is relentlessly procedural, but it is also 4000 lines long, uses 200-odd
global variables to maintain its state and features, for example, a 500
line mouse move event handler.

In principal there is no single aspect of that code that could not be
understood by a relative novice at javascript. In reality the totality
is such a spaghetti mass of indirect interactions that I don't find it
easy to understand, and a novice would be utterly lost.

You cannot blame the Indian programmers for creating this code. They had
a specification and they got code out of the door that satisfied that
specification. The problem was that the authors of the specification
left the code design up to the implementers, and the implementers didn't
have the experience to do anything other than a massively elaborated
procedural implementation.

The result satisfied the specification but is nearly useless to us, as
even minor changes require a massive effort back tracking the spaghetti
to find all the points where they need to be enacted, and the nature of
the existing implementation makes more extreme changes completely
impossible. i.e. it is a maintenance nightmare, squandering all the
saving derived from its external sourcing because the time I spend
working on it is relatively expensive. But it would not help to have a,
theoretically cheaper, relative novice work on it either, as they would
spend significantly longer making the same changes and so cost as much
overall.

Eventually I will get the time to re-write it from scratch, and do the
OO implementation that it should have been from the outset. The result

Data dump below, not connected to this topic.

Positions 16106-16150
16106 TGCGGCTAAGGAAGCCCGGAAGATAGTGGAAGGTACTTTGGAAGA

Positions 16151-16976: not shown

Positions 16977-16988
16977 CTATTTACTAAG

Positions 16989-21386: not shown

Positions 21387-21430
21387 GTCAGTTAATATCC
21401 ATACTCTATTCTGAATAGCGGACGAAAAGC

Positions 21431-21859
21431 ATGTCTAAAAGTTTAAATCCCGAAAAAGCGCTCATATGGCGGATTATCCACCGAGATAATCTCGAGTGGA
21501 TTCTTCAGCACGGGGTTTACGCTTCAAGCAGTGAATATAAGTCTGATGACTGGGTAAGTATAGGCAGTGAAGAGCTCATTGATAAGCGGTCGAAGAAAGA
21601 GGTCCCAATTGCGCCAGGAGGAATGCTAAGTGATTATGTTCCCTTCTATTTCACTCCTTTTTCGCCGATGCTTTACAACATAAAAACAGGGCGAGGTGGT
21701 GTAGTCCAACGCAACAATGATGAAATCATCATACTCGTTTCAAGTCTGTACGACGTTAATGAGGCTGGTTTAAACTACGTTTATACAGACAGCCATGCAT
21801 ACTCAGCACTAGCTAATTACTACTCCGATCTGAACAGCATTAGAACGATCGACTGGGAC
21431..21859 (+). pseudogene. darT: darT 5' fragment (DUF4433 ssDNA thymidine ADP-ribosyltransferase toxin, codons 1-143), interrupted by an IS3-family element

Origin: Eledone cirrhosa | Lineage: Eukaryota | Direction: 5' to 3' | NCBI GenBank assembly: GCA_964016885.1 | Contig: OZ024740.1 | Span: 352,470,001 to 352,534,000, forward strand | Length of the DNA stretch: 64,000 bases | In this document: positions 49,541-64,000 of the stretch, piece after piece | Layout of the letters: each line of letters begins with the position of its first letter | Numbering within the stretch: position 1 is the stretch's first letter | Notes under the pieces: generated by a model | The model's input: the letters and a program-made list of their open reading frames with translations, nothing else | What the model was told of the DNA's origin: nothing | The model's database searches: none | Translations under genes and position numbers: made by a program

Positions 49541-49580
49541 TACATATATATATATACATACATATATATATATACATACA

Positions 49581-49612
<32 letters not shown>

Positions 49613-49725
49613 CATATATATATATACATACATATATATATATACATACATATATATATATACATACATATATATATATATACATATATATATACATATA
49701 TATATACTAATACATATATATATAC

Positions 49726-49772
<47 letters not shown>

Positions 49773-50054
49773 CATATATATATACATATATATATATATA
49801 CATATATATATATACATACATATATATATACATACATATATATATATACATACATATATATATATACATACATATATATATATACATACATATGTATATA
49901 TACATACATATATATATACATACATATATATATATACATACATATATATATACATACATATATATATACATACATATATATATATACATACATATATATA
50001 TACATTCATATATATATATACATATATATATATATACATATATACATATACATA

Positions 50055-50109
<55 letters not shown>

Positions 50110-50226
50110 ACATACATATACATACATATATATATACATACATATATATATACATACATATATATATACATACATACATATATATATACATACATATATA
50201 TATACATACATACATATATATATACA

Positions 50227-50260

will be unintelligible to its original author and many other novices,
but it will be objectively simpler, easier to maintain and (most
importantly) possible to extend in the direction that current thinking
looks like it wants to take it.
If I write code that is highly compact and obfuscated by advanced
language techniques, it becomes meaningless to the average javascript
programmer. Then they'll seek out a less-complex solution which they
understand, but may be written by someone at their own skill level
and have problems. Which is better? It's not as obvious of a decision
as some would like to believe, IMO.
This is where the distinction between the internal details of an
implementation and its public interface becomes significant. The
(non-public) web application that I am currently working on is a
windowing GUI inside a browser (in-window pop-ups) with 2000-odd
server-side forms potentially displayed in the windows within the
browser. So the client-side code mostly represents an environment that
is, more or less, used by the server-side forms. And the server-side
forms are written by server-side programmers who have very little (and
in most cases no) understanding of javascript, but that doesn't matter
as they are not using javascript directly they are using templates and
tag libraries. Other, more experienced server-side programmers have
written the templates and tab libraries and they have been using
javascript to interact with the client-side environment, but they also
have minimal understanding of javascript.

My responsibility is to provide the server-side programmers who work on
the templates with interfaces to the client-side environment that are
simple enough for them to understand and use, while hiding the